Thank you all for your thoughts so far. You've given me some things to think over. It's hard to keep perspective when the anxiety is making this out to be the end all be all of my life and telling me if I choose wrong I'll regret it forever.
posted by nothing as something as one at 3:05 PM on February 26, 2018


It' hard to keep perspective when the anxiety is making this out to be the end all be all of my life and telling me if I choose wrong I'll regret it forever.
Yeah - I know that voice. Your logical mind knows this isn't such a big deal - if you don't like where you land, you can always keep looking. Still, it is hard to ignore that alarm bell going "MUST MAKE PERFECTLY RIGHT DECISION" - good for you for recognizing what is happening.
posted by metahawk at 3:11 PM on February 26, 2018


I would make sure that the contract position is still a W2 and not 1099, otherwise you have to lose 1/3 to taxes and the pay difference wouldn't matter as much.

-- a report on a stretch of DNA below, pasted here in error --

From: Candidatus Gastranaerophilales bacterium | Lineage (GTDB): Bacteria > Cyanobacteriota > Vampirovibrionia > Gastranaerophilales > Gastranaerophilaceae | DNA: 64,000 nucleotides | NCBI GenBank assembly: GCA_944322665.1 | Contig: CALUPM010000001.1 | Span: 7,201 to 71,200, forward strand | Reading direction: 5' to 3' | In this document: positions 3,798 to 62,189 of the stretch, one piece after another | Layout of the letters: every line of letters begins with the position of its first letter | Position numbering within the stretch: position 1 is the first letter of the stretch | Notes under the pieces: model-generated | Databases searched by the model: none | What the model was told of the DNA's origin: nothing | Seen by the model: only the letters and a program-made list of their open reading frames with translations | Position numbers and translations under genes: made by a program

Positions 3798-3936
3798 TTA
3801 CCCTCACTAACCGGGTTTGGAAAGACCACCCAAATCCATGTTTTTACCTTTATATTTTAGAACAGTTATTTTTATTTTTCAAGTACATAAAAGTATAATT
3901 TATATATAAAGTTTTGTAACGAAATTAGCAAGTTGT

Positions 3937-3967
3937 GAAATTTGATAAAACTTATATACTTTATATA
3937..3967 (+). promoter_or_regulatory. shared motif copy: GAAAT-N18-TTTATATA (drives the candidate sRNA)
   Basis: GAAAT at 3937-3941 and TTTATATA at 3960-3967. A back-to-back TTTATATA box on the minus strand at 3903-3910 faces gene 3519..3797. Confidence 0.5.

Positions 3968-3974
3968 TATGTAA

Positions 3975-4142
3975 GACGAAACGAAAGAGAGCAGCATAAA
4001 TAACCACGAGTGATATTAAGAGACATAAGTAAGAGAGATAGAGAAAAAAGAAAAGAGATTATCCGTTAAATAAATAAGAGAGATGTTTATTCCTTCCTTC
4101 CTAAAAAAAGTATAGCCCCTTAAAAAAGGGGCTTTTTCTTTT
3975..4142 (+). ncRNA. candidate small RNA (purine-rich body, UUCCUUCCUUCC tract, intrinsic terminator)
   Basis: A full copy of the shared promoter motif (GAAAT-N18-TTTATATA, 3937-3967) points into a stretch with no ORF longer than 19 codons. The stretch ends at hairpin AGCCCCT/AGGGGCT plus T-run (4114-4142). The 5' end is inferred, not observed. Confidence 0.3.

posted by monologish at 5:11 PM on February 26, 2018 [3 favorites]


Yeah. Strongly seconding to make sure the temp job is W2 instead of 1099.

Also, while there are no guarantees, my experience with school districts around here is that they rarely have their shit together to hire people long term mid school year. So, it might be interesting to look at the contract job more carefully; is it the type of thing they’re going to need someone long term (and the 4 month thing is just so they can list the job and get it on the school year cycle) or does it reflect some more transient need?

There are no guarantees, of course, but school systems not being able to think beyond the current school year is A Thing.
posted by Betelgeuse at 7:17 PM on February 26, 2018 [1 favorite]


Thanks everyone. I did turn down the contract job, deciding I'd rather go with the company that I could see myself sticking with long term. I did for the first time ever ask for more money, and they gave me a bit of bump so yay.
posted by nothing as something as one at 9:05 AM on February 28, 2018